The Wall Street bull is seen in the financial district in New York, the US. Picture: REUTERS
The Wall Street bull is seen in the financial district in New York, the US. Picture: REUTERS

The US stock market has recorded its longest bull run since World War 2. In stark contrast, the JSE has lagged significantly, as issues of poor governance under former president Jacob Zuma’s administration and the resulting economic slowdown hampered returns.

The US stock market marked 3,453 consecutive days on Wednesday without suffering a drop of 20%, be it on a day, a week, a month, a year or a moving average. The bull market — driven by huge global liquidity injections and low interest rates after the demise of Lehmann Brothers in September 2008 — started on March9 2009.

Since then it has recorded returns of 574.44% in rand terms. Over the same period, the JSE’s all share index (Alsi) has delivered a total return, which includes share price movements and dividend payments, of 321.81% in rand terms.

In dollar terms, the picture becomes even bleaker for the local market, with the rand having depreciated sharply over the past decade. Since the start of the bull run, the Alsi was up 214.19% in dollar terms, while the Dow returned 402.33%.

Against this background, it would have been much more lucrative for local investors to invest their savings in the US, rather than in the local market. This especially holds true over the past four years, a period of marked deterioration in the JSE.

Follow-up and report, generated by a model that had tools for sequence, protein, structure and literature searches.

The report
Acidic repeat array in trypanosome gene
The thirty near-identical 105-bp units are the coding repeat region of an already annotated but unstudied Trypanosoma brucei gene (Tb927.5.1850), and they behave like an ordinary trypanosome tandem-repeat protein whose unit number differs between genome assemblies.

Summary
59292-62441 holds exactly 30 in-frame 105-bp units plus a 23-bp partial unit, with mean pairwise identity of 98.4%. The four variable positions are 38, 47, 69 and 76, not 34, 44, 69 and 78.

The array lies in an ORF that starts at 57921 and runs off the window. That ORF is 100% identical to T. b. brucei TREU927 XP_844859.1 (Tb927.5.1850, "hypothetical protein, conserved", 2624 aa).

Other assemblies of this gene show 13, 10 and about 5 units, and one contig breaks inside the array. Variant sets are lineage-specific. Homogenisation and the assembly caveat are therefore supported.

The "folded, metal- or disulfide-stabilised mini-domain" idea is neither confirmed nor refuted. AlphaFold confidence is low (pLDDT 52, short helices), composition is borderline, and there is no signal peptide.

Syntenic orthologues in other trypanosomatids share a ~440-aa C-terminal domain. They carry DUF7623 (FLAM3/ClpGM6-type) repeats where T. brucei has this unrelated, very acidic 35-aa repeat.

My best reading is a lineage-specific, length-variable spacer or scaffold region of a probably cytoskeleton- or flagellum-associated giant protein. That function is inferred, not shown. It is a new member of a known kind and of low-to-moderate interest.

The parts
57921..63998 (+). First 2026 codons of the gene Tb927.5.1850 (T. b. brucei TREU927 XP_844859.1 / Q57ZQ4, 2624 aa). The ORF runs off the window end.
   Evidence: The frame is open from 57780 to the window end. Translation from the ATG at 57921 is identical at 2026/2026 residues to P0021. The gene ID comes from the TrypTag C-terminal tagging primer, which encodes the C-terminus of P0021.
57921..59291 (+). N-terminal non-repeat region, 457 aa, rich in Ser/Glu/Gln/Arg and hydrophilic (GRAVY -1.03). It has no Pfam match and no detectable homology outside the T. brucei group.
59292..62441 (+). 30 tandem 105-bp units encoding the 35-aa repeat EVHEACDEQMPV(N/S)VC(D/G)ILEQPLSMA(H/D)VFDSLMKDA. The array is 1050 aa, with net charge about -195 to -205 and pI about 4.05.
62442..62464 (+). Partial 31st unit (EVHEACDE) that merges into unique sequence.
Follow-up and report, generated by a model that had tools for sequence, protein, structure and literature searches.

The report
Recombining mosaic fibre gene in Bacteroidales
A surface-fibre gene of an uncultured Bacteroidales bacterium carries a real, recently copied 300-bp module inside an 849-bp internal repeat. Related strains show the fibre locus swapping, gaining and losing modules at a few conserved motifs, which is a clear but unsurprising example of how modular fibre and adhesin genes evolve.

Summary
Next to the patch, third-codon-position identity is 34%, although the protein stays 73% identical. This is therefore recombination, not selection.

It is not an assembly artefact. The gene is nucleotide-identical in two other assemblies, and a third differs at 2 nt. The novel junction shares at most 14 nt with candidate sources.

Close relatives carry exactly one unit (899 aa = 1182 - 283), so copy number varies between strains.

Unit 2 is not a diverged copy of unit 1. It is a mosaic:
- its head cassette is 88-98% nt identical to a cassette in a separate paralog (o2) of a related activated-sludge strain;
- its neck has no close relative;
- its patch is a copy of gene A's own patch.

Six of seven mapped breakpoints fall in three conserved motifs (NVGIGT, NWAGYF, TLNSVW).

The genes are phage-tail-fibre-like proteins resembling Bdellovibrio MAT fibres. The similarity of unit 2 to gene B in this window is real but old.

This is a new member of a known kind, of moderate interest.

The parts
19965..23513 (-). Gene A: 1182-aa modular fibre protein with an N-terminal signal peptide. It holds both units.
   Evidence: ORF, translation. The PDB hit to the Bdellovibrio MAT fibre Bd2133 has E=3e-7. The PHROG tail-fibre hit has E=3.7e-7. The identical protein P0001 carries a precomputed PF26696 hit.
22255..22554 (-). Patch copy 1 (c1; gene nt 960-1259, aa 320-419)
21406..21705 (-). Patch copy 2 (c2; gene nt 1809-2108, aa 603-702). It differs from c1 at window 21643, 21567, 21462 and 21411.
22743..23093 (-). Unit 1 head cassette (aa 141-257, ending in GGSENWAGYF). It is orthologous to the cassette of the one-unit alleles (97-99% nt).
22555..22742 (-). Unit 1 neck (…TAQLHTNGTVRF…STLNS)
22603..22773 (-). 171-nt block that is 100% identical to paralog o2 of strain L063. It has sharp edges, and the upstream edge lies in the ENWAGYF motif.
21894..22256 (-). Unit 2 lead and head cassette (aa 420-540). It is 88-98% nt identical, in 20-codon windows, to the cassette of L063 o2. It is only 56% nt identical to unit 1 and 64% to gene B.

While the growth in the Alsi and the Dow until 2014 was largely in tandem, a significant divergence has been noticeable since. Over the past four years, the Alsi is up 28% in rand terms, while the Dow rocketed nearly fivefold with 122.6% growth over the period. In dollar terms, the Alsi lost 3.7% over the past four years, with the Dow gaining 67.4%.

"It is [a] well-established fact that the JSE has underperformed US markets over a long period," said BP Bernstein Stockbrokers portfolio manager Vasilis Girasis.

Although the JSE has its own particular backdrop to explain the weak performance, it is broadly also an emerging-market story, he said. The MSCI emerging markets index has also lagged US markets.

"US markets still appear strong, but waning volumes could be the first sign of a pullback," he said.

However, he expects the rand to remain weak over time, which could boost platinum and gold stocks over the next six months if commodity prices rise on a weaker dollar. The JSE gained on Wednesday, with the Alsi closing 1.64% higher.

The dismal returns on the JSE would have been much worse were it not for Naspers, which now accounts for nearly 13% of the index’s market capitalisation. Over the past four years, the media and internet group returned 81.53% in dollar terms, mostly thanks to its exposure to Chinese internet company Tencent, of which it owns about a third.

Its return in rand over the four years amount to 143.44%, far outpacing the Alsi’s 25.97%. Since the start of the bull run, Naspers has returned a spectacular 2,493.39% in rand, also far outpacing the Dow Jones.

Old Mutual Multi-Managers analyst Izak Odendaal said the JSE has recently been affected more by Chinese video games, referring to pressure on Tencent, than turmoil in Turkey.

"Storms pass, but in their wake often provide opportunities when currencies, asset classes or securities are oversold," he said.

Stanlib retail investment director Paul Hansen said the Alsi appeared to be breaking its downtrend since the peak in global and local markets in late January. "Historically, doom and gloom is a good time to buy."